I looked at barkleyfan's link for the Permatex Disc Brake Quiet and wanted to know more, so went to the Permatex site and check out the first bullet point in the product benefit list http://www.permatex.com/documents/td...tive/80077.pdf

    Now, whether this would work for a mountain bike disc brake, anyone try?[/quote


    I tried it. Seemed to work for me. Could have been simply reseating the pads, but I reseated them the same way I had them in there before. Only thing I can think of beides the Permatex that could be different is that perhaps the spring was seated slightly different.The pads should actually reseat the same I would think, judging by the design.

  22. #22
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    I too have just installed some BB7 and they squeal like little pigglets when you twist their tails... Anyway, I just think it's because they're bedding in (I hope), I'll see later if it's a setup noise or I have to do something about it (maybe start bringing an IPod )...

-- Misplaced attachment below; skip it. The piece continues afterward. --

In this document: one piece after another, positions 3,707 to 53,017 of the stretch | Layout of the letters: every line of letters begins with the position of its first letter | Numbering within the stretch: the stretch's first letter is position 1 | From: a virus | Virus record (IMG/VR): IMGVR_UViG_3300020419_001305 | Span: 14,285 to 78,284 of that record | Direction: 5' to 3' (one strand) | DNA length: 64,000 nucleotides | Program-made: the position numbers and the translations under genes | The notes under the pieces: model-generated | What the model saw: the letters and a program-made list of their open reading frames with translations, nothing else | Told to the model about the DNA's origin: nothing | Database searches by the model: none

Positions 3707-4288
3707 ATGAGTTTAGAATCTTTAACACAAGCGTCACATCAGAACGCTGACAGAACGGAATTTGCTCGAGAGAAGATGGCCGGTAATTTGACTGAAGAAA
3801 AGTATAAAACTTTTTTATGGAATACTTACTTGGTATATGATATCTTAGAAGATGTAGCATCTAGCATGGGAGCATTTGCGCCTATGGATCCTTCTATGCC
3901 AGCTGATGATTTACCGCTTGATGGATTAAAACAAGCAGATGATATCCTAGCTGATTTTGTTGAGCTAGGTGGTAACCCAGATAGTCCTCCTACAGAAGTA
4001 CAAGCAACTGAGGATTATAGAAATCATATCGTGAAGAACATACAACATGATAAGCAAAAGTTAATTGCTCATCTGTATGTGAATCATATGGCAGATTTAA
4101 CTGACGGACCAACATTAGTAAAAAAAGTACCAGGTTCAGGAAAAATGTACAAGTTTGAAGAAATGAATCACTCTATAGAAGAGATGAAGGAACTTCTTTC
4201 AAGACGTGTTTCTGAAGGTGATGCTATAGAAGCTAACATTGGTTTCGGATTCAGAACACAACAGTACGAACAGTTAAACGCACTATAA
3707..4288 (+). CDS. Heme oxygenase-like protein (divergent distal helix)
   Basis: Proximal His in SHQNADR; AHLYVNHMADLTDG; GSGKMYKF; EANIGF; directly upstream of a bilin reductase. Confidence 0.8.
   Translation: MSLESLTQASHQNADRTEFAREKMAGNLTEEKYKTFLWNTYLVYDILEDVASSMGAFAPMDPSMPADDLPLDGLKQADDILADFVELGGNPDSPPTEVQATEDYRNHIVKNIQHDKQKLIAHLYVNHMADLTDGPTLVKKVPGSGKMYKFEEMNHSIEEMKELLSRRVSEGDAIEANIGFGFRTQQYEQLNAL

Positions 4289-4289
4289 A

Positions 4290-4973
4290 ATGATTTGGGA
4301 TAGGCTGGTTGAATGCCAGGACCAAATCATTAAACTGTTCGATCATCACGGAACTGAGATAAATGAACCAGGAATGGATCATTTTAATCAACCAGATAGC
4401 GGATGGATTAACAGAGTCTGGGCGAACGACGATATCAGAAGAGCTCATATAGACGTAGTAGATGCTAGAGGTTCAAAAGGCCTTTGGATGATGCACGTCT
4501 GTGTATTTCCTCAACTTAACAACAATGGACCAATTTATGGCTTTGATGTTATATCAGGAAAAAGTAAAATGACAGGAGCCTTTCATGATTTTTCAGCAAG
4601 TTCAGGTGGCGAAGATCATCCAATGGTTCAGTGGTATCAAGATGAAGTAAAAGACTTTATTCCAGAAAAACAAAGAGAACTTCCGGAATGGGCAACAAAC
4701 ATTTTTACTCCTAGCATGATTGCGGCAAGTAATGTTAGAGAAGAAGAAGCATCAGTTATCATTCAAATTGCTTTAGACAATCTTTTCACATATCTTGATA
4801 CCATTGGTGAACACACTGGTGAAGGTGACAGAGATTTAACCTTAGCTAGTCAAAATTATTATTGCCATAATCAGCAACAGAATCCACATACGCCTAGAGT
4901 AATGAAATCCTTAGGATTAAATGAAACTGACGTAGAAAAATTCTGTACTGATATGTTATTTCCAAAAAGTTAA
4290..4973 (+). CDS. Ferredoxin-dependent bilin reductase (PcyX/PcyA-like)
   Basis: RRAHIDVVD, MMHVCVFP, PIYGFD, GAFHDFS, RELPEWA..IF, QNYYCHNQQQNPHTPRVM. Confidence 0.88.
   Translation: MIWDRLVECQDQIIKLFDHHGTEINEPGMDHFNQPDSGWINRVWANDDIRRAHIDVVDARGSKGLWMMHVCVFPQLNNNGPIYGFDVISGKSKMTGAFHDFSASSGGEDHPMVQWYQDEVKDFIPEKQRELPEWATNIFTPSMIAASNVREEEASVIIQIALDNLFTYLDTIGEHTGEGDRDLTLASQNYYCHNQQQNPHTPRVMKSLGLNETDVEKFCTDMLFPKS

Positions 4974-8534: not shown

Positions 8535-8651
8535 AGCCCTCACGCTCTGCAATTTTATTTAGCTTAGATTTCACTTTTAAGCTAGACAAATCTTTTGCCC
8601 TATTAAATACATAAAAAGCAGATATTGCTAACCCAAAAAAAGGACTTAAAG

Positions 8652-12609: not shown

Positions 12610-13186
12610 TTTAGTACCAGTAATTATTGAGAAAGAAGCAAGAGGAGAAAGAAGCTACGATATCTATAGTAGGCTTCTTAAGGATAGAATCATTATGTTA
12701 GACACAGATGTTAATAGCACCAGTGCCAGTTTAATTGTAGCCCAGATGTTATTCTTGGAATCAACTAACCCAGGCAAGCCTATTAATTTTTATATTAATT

23. #23
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    Quote Originally Posted by highdelll
    ok, would you explain the error of my ways? thanks
    A few minutes with google turned up this. Improvement of Friction Brake Lining Performance. Basically, it states that graphite is indeed used in brake linings to reduce noise. Ouch...that burns. Bear in mind that this is modified graphite and bonded within the material.

    It does make my initial response seem way overboard. My apologies to you Sir.